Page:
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Top 10 Things You Need to Know About Protein Supplements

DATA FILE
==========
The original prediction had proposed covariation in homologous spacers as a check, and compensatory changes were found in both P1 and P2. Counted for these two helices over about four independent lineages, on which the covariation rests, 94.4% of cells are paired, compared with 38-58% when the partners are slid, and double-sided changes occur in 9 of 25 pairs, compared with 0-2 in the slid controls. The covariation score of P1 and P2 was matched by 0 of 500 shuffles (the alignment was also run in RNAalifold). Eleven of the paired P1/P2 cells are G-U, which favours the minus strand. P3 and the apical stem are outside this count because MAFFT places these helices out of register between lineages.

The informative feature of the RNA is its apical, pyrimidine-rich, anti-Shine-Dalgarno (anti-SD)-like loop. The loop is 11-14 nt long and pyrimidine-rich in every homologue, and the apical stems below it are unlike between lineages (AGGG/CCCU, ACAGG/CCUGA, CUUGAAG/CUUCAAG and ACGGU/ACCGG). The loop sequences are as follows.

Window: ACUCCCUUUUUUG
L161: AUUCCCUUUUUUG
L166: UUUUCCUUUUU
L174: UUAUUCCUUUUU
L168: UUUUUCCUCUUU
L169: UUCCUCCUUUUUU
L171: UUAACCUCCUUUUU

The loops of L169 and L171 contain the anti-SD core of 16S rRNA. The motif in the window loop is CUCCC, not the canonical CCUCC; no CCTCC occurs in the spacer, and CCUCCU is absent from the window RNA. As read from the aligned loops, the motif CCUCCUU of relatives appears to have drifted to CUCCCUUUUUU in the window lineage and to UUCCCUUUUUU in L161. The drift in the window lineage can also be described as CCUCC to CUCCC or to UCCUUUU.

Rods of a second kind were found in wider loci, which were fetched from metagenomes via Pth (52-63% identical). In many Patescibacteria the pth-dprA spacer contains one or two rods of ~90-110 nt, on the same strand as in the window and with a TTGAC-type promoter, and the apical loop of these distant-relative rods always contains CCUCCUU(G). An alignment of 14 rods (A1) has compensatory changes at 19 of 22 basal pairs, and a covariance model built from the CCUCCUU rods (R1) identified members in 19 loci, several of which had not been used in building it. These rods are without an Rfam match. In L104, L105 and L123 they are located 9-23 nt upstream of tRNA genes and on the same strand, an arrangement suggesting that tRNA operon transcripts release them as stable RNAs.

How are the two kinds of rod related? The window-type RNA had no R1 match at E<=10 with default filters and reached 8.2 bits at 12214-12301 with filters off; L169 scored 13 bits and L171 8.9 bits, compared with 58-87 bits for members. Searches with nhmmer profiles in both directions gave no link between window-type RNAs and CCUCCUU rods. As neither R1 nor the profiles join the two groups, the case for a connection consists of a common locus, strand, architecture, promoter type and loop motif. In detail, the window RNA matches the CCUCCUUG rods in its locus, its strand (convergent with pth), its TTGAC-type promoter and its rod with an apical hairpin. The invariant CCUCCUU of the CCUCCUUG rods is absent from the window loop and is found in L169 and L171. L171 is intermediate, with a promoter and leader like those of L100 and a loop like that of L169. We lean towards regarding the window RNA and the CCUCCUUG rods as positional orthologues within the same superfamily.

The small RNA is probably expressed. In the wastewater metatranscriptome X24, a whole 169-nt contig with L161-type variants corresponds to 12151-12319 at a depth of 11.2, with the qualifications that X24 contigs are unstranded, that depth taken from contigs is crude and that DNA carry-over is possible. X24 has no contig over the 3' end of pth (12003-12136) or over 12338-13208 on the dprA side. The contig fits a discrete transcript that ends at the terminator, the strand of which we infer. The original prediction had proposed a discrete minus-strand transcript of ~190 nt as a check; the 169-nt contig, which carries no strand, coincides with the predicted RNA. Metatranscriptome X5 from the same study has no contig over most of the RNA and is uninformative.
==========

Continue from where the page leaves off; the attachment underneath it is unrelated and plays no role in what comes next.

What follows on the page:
Protein supplements generally seem like a pretty straightforward product at first, leading many to forget that they are technically “supplements.” The truth is, however, that a lot goes into these common features of the fitness world – plenty of things that you should be aware of and probably aren't. So, in an effort to keep you informed, here (in no particular order) are 10 things you need to know about protein supplements.  1. Consider the source -  Protein supplements can be made from a huge number of sources – whey, casein, peas, rice, and eggs just to name a few – but these sources are not always interchangeable. Whey, for instance, is absorbed and put to use much faster than casein which makes it a much more popular choice for post-workout recovery. Various sources also have different amino acid profiles – and thus are higher or lower quality. Other factors that could (and should) influence your choice include lactose intolerance, food allergies, or whether you are a vegetarian or vegan. 2. Make sure the source is the only source -  Products simply labeled “protein powder” can contain protein from a dizzying array of sources.  These should probably be avoided, especially if you have any dietary restrictions. But even protein supplements that are more specifically called “whey” or “casein” or anything else, can be stuffed with other things. Check the ingredients to be sure you are actually getting the protein that you're looking for. 3. Don't trust the numbers -  Due to pretty lenient laws regarding food labeling, the numbers stamped onto your jug of protein powder are seldom worthy of your trust. For instance, products that advertise themselves to be 100 percent hydrolyzed whey actually mean something extremely different. A protein cannot possibly be fully hydrolyzed (meaning that it's broken down) this would not even hold together as a powder. What that number really means is that jug contains only hydrolyzed whey. In reality the powder is usually about 2 to 5 percent hydrolyzed. 4. Added aminos mean low quality -  As mentioned, a protein's “quality” is measured by its amino acid profile – both quantity and bioavailability. Occasionally, a protein powder is taken from such low quality sources and so heavily processed that, by the time it's in the jug it's really got nothing to offer. And thus the industry practice of “protein spiking” was born. Low-cost amino acids are essentially backloaded into a protein powder as a filler. And since these are not technically another protein source, the manufacturer can still claim that their product is “100 percent whatever.” 5. Added aminos can come from... unsavory places -  In some cases, “added aminos” are really just amino acids that were originally removed from the protein source during processing to be thrown back in later. This is irritating enough, but sometimes those amino acids come to you through even worse processes. The cheapest and fastest way to product amino acids is via keratin synthesis – a substance that is found abundantly in hair, nails, claws and fur. When an animal pelt is deemed unfit for use as clothing, it can still be used to produce amino acids. 6. Timing probably isn't everything -  On a lighter note: Do not fear alarmists who still cling to the anabolic window theory. For a long time, lifters believed that if you did not provide your muscles with sufficient protein within 30 minutes of exercising you would not only lose any benefits of your workout but that your body would cannibalize the muscle you do have. This is simply untrue. While there is some slight evidence to show that a protein supplement (generally whey is used in the trials) taken after workout can improve protein synthesis and muscle recovery, the difference is minor and unpredictable. And your muscles won't eat themselves. A much more important factor to consider is to make sure that you are always getting enough protein throughout the day. 7. They are supplements -  We often forget that, by definition, supplements are something added. In this case, they should be added to an already quality diet. If the rest of your diet is garbage or you aren't working out, protein supplements aren't going to magically give you the body that you want. 8. Avoid added flavors -  Protein powders, left to their own devices, have virtually no flavor. So, in an effort to make them more appetizing, all manor of flavorings are added. Unfortunately, these flavorings can come from some pretty nasty and strange places – places that companies are not required to disclose. 9. Avoid dyes -  Again, protein powder is naturally colorless but this is not really an attractive look. To get around this, companies use a host of chemicals – which have been linked to a number of adverse side effects, including behavioral problems in children. 10. Get creative -  Finally, remember that you have options with how you use your protein supplement. Of course, they can simply be tossed into water or milk and chugged for a quick dose but there are so many other uses. The internet is full of recipes on how to make favorite foods more nutritionally sound by using protein powder in cooking and baking. Read More: How Cheap Protein Supplements Can Affect Your Goals Why Artificial Sweeteners are Bad for Protein Supplements Why Hydrogenated Ingredients in Protein Powders Are Bad

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